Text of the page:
Health Innovation Manchester has teamed up with AstraZeneca UK and National Services for Health Improvement (NHSI) for a project which involves the use of artificial intelligence to improve asthma diagnosis and management.
The STARRS-GM project uses LungHealth software to work through the Standardised Asthma Review and Reduction in SABA (short acting beta agonist) model. It hopes to improve the outcomes for asthmatic patients through proactive identification and reviews for high-risk patients to optimise their management of the condition.
AI is being increasingly used within healthcare settings, with its use in diagnostics as the most common application. LungHealth focuses on high-quality, consistent and artificial intelligence-guided asthma consultations. As well as helping high-risk patients in Manchester, it will also provide education and knowledge to both patients and healthcare professionals. The pilot will also support streamlined referrals to specialist services.
Eddie McKnight, managing director at National Services for Health Improvement (NSHI), explained: “(the project) will provide participating practices with LungHealth decision support asthma software that will ensure that adult patients receive a complete and thorough asthma review, regardless of the experience of the reviewing clinician, with onward referral to specialist services if required. Patients will also be provided with a personal asthma action plan to help improve their concordance with treatment.
“We firmly believe that by pro-actively targeting ‘high-risk patients’ and offering reviews that asthma outcomes in Greater Manchester will be greatly improved and that we will see patients’ reliance on their reliever medication reduced due to better asthma management. This in turn could reduce asthma flare-ups and avoidable hospital admissions. We believe that the STARRS-GM project will deliver a sustainable legacy of care to ensure improved asthma outcomes for Greater Manchester in the future.”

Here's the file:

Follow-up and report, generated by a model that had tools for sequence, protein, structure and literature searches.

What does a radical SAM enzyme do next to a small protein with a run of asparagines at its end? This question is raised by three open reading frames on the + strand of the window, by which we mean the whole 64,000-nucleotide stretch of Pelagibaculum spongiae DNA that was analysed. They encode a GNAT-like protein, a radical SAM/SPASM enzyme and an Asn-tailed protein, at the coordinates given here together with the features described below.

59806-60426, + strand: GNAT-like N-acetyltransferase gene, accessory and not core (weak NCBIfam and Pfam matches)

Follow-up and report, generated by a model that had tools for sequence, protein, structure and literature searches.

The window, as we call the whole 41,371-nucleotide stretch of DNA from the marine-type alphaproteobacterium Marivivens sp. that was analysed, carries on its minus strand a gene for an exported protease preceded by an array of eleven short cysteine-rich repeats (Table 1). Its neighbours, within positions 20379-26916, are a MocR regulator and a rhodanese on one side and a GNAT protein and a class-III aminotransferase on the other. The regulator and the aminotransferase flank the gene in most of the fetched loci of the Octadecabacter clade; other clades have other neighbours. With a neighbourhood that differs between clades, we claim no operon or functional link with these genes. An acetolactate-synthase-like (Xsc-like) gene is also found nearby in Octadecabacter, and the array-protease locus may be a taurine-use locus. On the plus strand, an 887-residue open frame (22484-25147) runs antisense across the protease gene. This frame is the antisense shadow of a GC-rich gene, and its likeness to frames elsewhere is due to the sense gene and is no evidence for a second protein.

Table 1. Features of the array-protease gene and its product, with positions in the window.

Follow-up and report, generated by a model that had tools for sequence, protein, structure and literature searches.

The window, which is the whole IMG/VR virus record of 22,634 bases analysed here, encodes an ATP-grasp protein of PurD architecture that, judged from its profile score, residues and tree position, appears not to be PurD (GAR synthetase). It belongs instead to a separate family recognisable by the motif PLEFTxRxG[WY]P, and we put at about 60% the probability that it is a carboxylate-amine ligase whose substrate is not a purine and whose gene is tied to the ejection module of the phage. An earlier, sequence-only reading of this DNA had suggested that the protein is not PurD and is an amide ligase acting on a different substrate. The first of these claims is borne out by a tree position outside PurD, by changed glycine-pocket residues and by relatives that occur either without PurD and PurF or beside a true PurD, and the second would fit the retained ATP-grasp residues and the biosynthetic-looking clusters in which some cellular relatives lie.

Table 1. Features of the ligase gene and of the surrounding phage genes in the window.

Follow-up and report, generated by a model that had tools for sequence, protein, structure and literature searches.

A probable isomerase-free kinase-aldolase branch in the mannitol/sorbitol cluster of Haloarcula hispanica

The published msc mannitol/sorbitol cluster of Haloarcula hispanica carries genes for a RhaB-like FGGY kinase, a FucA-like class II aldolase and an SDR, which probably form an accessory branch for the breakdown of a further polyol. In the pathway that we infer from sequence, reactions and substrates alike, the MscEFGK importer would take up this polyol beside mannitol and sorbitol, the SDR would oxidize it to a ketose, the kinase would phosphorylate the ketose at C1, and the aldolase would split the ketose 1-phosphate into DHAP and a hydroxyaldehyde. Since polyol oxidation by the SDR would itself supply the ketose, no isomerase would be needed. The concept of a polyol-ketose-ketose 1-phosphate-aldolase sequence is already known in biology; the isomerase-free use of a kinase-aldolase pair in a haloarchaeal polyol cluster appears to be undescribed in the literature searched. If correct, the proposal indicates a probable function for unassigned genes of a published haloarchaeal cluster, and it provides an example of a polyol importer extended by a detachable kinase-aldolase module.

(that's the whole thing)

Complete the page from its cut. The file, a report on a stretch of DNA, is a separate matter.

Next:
The project will also have an impact on the environment, in line with the Delivering a Net Zero NHS policy. Medicines account for up to 25 per cent of emissions in the NHS, with inhalers forming three per cent of this. By optimising prescribing of inhalers and other medication, the project can help cut emissions.
Professor Ben Bridgewater, chief executive at Health Innovation Manchester, said: “It is a pleasure to be able to work in partnership with industry once again to improve the experience of care for patients in Greater Manchester. The use of this technology will allow those who suffer with this common condition to better manage and review their health.
“This type of partnership work is exactly what we at Health Innovation Manchester see as a top priority. By utilising the expertise of industry in collaboration with our local health and care system, we can work to improve patient pathways, equality and access to treatments whilst boosting environmental sustainability.”